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I am trying to understand this question: Show that this hyperplane is parallel to the null space of this linear functional. This is Exercise 2.8.12 from Kreyszig's Introductory Functional Analysis.

For one of the answers, the answerer misunderstood the question. The other by Pp.., I'm not able to follow past the second paragraph.

Specifically, I don't get why $f(f(x)^{-1}x) = f(x)^{-1}f(x)$. Actually, I don't think this even makes sense. $f(x)^{-1} \in \text{Im}(f)$, so we can't even apply $f$ to it. If Pp.. meant $f^{-1}(x)$, then I don't think we know $f^{-1}$ even exists. From my understanding, $f^{-1}$ exists iff $f(x)=0 \Rightarrow x=0$, which I don't believe follows from the assumptions.

I understand the goal: show that $H_1 \in X/\mathcal{N}(f)$, meaning $H_1 = x_1 + \mathcal{N}(f)$ for some $x_1 \in X$, but I don't know how to get there from the assumptions:

(1) $f\not = 0$ on $X$ is any linear functional.

(2) $\mathcal{N}(f)$ is a subspace of $X$

(3) codim$\mathcal{N}(f)=1$ (Equivalently dim$(X/\mathcal{N}(f))=1$)

Please help me understand what I'm missing!

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First of all, your questions about $f(x)^{-1}$ are based on wrong interpretation of the symbol. It was supposed to mean $\frac 1 {f(x)}$ and not the inverse! Coming to the proof I will use (3) only indirectly, so no mention of it is made in this proof. Suppose $H_1=\{x:f(x)=1\}$. By (1) there exists u such that $f(u) \neq 0$. I will take $x_1 =\frac 1 {f(u)} u$. We have to show that $H_1=x_1+N(f)$. Take $x \in H_1$. Then $f(x-\frac {f(x)} {f(u)} u)=0$ by linearity of f. Let $v=x-\frac {f(x)} {f(u)} u$ so $v \in N(f)$. We have $x=\frac {f(x)} {f(u)} u+v =x_1 +v$ since $f(x)=1$. We have proved that $x \in x_1 +N(f)$. Thus $H_1 \subset x_1 +N(f)$. The reverse inclusion is much simpler and I will leave that to you. Hence $H_1 = x_1 +N(f)$.

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  • $\begingroup$ Okay, so the part with $f(x)^{-1}$ is like saying we have some scalar $\lambda$ applied to $u$, and $\lambda$ exists since $f(u) \not = 0$. So $x_1$ is just some arbitrary element of $X$ but we named it nicely. $\endgroup$ – llll Feb 21 '18 at 14:10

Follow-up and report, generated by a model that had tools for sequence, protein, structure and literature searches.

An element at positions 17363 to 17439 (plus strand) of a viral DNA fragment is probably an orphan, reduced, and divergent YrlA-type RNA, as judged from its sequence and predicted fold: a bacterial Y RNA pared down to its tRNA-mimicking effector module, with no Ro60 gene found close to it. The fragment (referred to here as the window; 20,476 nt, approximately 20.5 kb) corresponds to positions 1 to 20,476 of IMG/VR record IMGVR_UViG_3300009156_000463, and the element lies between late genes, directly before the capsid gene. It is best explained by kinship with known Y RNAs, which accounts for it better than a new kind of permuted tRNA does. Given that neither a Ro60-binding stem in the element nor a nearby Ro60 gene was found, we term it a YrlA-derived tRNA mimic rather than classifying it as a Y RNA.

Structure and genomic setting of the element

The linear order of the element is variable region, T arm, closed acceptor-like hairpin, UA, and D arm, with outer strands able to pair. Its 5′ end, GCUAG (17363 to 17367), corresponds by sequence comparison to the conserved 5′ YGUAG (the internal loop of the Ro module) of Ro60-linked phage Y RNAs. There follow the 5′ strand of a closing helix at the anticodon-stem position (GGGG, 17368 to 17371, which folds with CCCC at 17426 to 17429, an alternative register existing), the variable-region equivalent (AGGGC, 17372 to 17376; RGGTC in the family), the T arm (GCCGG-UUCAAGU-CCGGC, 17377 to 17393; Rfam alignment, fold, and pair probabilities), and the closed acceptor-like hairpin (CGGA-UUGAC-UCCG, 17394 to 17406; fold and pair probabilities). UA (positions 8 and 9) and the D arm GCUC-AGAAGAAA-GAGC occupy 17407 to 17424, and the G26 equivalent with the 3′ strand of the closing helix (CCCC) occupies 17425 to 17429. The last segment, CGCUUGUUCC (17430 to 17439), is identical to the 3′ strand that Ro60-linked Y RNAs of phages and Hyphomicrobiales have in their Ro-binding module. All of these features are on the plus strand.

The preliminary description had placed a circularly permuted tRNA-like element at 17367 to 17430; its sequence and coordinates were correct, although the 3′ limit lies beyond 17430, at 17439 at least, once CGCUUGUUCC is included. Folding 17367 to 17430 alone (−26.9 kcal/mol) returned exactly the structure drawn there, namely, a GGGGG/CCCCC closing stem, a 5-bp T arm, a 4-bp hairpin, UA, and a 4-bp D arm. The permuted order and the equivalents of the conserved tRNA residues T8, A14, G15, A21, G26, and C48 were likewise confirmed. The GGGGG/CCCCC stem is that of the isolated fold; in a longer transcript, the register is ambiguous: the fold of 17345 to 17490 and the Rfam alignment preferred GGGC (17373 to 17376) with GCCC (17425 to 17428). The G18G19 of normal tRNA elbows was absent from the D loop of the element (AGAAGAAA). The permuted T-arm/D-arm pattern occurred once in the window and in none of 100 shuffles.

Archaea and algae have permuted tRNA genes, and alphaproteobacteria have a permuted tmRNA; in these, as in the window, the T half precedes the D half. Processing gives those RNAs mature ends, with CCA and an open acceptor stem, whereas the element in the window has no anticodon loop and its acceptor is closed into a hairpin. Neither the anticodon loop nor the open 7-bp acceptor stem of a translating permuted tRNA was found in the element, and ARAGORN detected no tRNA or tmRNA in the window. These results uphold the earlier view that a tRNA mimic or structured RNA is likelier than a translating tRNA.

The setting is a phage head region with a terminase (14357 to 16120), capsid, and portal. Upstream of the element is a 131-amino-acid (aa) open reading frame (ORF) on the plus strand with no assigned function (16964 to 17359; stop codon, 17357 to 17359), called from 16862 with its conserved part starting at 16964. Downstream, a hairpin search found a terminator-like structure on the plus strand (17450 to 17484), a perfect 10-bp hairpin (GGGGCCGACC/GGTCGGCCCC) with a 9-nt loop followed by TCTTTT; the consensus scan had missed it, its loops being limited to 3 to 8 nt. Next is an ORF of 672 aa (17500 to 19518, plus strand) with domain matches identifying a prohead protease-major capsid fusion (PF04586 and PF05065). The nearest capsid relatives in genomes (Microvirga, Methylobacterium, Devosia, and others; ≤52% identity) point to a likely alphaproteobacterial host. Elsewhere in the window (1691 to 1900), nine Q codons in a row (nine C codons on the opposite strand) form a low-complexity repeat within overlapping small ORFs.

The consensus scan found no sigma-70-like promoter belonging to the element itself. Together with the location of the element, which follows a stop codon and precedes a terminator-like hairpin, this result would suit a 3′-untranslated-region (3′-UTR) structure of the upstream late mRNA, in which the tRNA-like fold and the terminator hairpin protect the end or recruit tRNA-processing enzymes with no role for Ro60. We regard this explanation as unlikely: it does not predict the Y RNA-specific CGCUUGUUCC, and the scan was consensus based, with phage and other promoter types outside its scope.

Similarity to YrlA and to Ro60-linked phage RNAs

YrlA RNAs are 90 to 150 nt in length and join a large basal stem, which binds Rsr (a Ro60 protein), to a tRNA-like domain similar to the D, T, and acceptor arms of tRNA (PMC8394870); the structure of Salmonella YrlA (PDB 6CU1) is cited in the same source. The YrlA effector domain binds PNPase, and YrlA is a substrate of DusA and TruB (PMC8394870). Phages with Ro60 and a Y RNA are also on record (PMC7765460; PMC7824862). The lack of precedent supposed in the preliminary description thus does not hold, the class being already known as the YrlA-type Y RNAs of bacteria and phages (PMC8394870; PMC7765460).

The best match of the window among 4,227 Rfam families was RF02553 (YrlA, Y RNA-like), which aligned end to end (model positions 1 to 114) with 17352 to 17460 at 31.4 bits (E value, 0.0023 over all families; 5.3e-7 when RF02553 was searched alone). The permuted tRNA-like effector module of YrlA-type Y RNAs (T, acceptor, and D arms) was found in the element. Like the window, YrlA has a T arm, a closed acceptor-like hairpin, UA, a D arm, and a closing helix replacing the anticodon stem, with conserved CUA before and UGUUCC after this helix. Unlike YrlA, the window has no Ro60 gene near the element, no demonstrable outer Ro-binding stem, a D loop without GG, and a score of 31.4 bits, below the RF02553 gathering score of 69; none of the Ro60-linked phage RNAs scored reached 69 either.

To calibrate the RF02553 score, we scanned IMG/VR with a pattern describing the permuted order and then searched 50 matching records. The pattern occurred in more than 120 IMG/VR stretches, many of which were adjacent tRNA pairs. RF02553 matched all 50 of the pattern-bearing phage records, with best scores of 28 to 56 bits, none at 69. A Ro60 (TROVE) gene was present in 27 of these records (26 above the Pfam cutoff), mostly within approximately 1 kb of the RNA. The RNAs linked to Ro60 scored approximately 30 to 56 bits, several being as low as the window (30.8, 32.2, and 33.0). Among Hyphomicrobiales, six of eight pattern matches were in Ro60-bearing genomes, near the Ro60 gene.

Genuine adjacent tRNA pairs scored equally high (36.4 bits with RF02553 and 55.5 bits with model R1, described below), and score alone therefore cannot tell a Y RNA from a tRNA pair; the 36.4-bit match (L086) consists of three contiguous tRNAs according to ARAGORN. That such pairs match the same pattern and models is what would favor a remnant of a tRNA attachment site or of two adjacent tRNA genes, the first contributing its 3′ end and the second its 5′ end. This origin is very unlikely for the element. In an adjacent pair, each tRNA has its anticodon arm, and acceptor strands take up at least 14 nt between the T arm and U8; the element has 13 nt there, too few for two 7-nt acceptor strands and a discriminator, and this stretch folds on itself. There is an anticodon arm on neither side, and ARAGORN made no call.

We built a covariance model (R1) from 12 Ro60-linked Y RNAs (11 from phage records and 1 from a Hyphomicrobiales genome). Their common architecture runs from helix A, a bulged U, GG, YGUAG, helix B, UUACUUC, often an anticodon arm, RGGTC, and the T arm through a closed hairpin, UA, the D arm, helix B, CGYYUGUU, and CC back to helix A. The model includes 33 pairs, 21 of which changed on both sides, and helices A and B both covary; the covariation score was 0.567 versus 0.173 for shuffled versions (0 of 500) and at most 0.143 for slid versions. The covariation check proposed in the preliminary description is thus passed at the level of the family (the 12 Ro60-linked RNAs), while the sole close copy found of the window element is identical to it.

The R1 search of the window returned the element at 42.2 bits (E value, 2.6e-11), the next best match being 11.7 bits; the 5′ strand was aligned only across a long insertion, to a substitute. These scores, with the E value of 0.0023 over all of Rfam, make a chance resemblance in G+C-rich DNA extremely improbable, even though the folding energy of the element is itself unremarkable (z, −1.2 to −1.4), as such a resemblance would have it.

• $\begingroup$ And then the proof proceeds to show equivalence of $H_1$ and $x_1 + \mathcal{N}(f)$ by showing inclusion both ways. So then the next part should be: Let $x \in x_1 + \mathcal{N}(f)$. Then $x = x_1 + v$, for some $v \in \mathcal{N}(f)$. We see $f(x)=f(x_1)+f(v)=1+0$. Thus $x \in H_1$. $\endgroup$ – llll Feb 21 '18 at 14:17
  • $\begingroup$ Could you explain where (3) is used, even indirectly? Also, I think I'm confused about what codim$\mathcal{N}(f)=1$ means. If dim$(X/\mathcal{N}(f))=1$, then is there only one coset, $X$? Which means $X/\mathcal{N}(f) = X/\{0\} = \{X\}$? Then $\mathcal{N}(f) = \{0\}$? $\endgroup$ – llll Feb 21 '18 at 14:23
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    $\begingroup$ Actually 1) implies 3). Codimension of N(f)=1 means that if you take any two elements $x+N(f)$ and $y+N(f)$ in $X/N(f)$ then one is a multiple of the other; $y+N(f)=c(x+N(f)$ means $y-cx \in N(f)$ or $f(y-cx)=0$. If $x+N(f) \neq 0$ then x is not in $N(f)$, so $f(x) \neq 0$. We can always choose c such that $f(y-cx) =0$: just take $c=\frac {f(y)} {f(x)}$. That is why 1) implies 3) and there is no need to use 3) explicitly. $\endgroup$ – Kavi Rama Murthy Feb 23 '18 at 0:30

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